Further to eaglekeeper, earth has something like an Rvalue of 1 per foot depending on its type. When I removed the old insulation from my basement walls, if I put my hand on the section that is only half-submerged (walkout basement) it was colder on the top than the bottom because on the top I had on the other side of that concrete brick freezing temps, but down low it was earth, so it's a well documented fact that the majority of heat loss in a basement is at the top half of the wall.

I am "in the middle" of doing our basement and put down R10 extruded foam everywhere (2" thick pink stuff by owens corning is a touch cheaper than DOW) with a crapload of foam safe glue and have been framing in front of that foam. I had to confirm with inspector first he'd ok it since it is a "new" approach going heavy on foam than insulation and frankly most people do not bother with it, including most contractors, but all the science I read said it was superior so I took this approach.


 
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PingSpike

Lifer
Feb 25, 2004
21,675
487
126
Thanks for the info guys. Glad I'm not the only one driven a little nuts by this. My basement is poured concrete, only the top 1-2 feet are above ground all the way around. Yeah, it seems a wall of XPS with the framing on top is the way to go. I'm kind of in a bind though as my framing is already all up flush to the wall with the electrical done and nailed to the floor with concrete nails. I think I'm just going to buy some XPS, cut the sheets to fit between the studs and install that. Obviously not perfect...but given my general lack of water problems I don't feel like I'll get burned.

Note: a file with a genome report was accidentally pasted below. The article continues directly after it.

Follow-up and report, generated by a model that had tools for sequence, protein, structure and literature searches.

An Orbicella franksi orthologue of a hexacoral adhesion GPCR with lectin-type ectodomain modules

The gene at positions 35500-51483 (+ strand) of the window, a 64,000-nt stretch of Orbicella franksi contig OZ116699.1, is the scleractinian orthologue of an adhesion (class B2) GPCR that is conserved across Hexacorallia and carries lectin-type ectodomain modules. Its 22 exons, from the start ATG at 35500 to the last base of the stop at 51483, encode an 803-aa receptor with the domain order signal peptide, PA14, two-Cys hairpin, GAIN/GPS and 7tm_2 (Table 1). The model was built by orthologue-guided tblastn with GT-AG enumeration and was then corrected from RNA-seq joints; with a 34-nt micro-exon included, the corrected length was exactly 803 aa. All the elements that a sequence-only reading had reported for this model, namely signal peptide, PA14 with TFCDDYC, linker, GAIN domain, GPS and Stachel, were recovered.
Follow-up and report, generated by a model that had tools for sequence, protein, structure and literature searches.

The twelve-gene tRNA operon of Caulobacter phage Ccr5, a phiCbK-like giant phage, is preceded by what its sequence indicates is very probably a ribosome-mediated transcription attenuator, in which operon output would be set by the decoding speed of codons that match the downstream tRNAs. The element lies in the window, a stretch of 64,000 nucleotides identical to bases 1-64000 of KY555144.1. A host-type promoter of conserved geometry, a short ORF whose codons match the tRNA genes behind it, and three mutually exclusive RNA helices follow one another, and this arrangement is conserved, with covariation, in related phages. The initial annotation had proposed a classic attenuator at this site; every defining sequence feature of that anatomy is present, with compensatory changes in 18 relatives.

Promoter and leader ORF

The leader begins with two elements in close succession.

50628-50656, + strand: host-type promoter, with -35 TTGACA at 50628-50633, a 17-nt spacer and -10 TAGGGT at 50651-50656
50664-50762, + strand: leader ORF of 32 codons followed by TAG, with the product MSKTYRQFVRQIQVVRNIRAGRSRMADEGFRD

I *could* potentially pull a sheet of plastic behind the installed studs before putting up the XPS in between them. It isn't attached directly to the wall in any way right now and there is a tiny gap. I don't know if that would help or hurt though.

This room is only in one corner of the basement. If and when I finish the rest...I'll learn from my mistakes and remember to use pressure treated on the bottom and install the XPS first.

Has anyone used those cans of spray foam for filling cracks and stuff? Are those any good for filling in smallish areas that might have a lot of wiring?